Monday, July 17, 2006

Karl Barth on Evangelical Theology

Over the summer I plan on reading Karl Barth's Evangelical Theology: An Introduction. Here is an interesting quote I found this morning.

[T]he theology to be introduced here is evangelical theology. The qualifying attribute “evangelical” recalls both the New Testament and at the same time the Reformation of the sixteenth century. Therefore, it may be taken as a dual affirmation: the theology to be considered here is the one which, nourished by the hidden sources of the documents of Israel’s history, first achieved unambiguous expression in the writings of the New Testament evangelists, apostles, and prophets; it is also, moreover, the theology newly discovered and accepted by the Reformation of the sixteenth century. The expression “evangelical,” however, cannot and should not be intended and understood in a confessional, that is, in a denominational and exclusive, sense. This is forbidden first of all by the elementary fact that “evangelical” refers primarily and decisively to the Bible, which is in some way respected by all confessions. Not all so-called “Protestant” theology is evangelical theology; moreover, there is also evangelical theology in the Roman Catholic and Eastern orthodox worlds, as well as in many later variations, including deteriorations, of the Reformation departure. What the word “evangelical” will objectively designate is that theology which treats of the God of the Gospel. “Evangelical” signifies the “catholic,” ecumenical (not to say “conciliar”) continuity and unity of this theology. Such theology intends to apprehend, to understand, and to speak of the God of the Gospel, in the midst of the variety of other theologies and (without any value-judgment being implied) in distinction from them. This is the God who reveals himself in the Gospel, who himself speaks to men and acts among and upon them. Wherever he becomes the object of human science, both its source and its norm, there is evangelical theology.
Karl Barth, Evangelical Theology: An Introduction (trans. Grover Foley; Great Britain: Collins, 1963), 11-12.


Anything that makes us ponder the meaning of "evangelical" in "evangelical theology" is worth reading!

Also in the introduction (p. 9) Barth says "But many things can be meant by the word 'God'." This reminded me of NT Wright and his book NTPG who is consistent, albeit eccentric, in his use of "god" in the lower case on the grounds that the word does not have any meaning until you define it. I'm assuming that the goal of COQG (Christians Origins and the Question of God) is take readers from "god" to "God revealed in Jesus Christ".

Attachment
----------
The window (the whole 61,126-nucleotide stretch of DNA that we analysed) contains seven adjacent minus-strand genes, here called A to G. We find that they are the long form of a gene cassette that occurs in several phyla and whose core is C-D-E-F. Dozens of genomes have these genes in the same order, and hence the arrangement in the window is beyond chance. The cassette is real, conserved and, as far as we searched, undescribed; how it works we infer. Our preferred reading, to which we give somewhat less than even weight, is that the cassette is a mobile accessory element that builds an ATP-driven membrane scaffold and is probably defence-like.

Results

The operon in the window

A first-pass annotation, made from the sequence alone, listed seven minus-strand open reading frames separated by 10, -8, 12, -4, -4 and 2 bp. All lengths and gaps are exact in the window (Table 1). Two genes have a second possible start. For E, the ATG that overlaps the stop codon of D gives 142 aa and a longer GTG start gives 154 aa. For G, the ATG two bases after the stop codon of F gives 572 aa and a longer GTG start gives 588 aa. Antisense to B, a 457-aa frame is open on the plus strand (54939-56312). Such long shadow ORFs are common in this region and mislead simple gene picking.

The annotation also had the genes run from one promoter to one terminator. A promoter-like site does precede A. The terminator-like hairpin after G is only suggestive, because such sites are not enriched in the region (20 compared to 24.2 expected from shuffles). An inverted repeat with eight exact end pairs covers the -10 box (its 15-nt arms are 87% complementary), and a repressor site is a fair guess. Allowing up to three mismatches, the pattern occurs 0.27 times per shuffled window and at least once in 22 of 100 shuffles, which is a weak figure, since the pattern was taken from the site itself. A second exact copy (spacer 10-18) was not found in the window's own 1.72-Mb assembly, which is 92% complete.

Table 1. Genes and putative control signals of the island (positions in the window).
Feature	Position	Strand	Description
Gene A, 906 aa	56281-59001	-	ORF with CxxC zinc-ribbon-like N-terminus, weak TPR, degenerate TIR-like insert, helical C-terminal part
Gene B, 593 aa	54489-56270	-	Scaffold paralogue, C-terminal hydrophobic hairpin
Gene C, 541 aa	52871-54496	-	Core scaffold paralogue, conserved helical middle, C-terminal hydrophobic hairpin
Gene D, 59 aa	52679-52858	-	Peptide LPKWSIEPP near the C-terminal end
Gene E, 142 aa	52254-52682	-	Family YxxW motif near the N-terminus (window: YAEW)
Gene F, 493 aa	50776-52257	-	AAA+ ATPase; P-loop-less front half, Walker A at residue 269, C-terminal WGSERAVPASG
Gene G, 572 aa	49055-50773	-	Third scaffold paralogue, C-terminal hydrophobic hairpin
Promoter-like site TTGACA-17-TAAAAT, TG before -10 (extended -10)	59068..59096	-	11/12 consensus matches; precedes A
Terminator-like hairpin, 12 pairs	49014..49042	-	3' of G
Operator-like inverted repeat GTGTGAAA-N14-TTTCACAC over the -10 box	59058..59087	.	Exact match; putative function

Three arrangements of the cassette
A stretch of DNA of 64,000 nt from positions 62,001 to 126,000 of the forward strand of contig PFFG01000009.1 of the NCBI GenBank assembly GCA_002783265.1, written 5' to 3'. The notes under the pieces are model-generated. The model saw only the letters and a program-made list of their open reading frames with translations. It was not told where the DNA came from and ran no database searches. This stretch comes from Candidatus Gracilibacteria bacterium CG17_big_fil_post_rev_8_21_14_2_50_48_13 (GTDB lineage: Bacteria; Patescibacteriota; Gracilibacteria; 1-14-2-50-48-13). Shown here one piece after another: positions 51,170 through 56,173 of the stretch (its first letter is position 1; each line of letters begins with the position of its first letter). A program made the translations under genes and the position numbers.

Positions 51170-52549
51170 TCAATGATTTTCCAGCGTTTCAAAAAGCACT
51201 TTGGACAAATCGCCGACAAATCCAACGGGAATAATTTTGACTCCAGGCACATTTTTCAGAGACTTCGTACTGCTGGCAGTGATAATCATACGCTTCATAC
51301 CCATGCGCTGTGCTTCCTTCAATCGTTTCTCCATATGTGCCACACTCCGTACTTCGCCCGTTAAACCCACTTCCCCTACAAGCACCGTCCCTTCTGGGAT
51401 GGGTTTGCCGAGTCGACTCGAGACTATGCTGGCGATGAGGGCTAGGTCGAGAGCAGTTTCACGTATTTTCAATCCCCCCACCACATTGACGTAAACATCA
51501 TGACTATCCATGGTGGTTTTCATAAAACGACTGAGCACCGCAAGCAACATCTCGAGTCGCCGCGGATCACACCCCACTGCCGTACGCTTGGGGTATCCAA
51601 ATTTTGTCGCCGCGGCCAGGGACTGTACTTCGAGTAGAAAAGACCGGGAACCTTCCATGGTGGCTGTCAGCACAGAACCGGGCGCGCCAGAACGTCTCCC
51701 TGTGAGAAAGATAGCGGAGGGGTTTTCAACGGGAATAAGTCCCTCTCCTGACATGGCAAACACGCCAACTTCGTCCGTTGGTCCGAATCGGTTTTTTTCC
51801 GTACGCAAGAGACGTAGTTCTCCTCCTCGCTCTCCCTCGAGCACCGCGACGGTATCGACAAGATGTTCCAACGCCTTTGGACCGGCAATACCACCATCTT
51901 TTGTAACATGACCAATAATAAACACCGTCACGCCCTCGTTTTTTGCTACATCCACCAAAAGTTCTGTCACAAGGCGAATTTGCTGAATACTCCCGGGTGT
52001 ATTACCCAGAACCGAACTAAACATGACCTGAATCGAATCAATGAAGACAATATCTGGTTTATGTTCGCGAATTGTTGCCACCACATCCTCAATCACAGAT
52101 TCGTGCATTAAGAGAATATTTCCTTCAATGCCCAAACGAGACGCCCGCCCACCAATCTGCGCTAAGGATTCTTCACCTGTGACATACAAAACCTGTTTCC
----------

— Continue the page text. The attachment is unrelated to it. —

5 comments:

exegetical fallacy said...

Great post, and great book! I wonder, however, if on Wright's logic we should not also speak of jesus christ, christian, along with god (instead of 'God', 'Jesus', etc.). I loved Wright's 3 vols thus far, but I was a bit thrown off here. Didn't seem that consistent. Am I missing something here?

Ben Myers said...

Good to hear that you'll be reading this, Mike! It's a marvellous little book, written at the very end of Barth's long career.

byron said...

Exegetical fallacy, I think for Wright Christ is our only access to g/God, and so it first to Jesus we need to look. In particular, I think Wright has a Deist god in his sights, since he thinks that the Enlightenment profoundly shaped popular theology.

Barth's little book was the first thing by him I read. I found it a great little intro. I was hooked from the passage you quoted.

exegetical fallacy said...

b,

yes, but FOR Wright, isn't Christ our only access to God, and not just 'god'? I understand his point that people will define G/god in so many different ways, but I would say the same is true of c/Christ, et al.

David Williamson said...

The American edition comes with a fascinating introduction in which Barth writes with the excitement of a schoolboy of his journey through the States. His musings on the Grand Canyon, a photo-op with Martin Luther King, and Billy Graham give an illuminating portrait of a brilliant theologian and a great writer.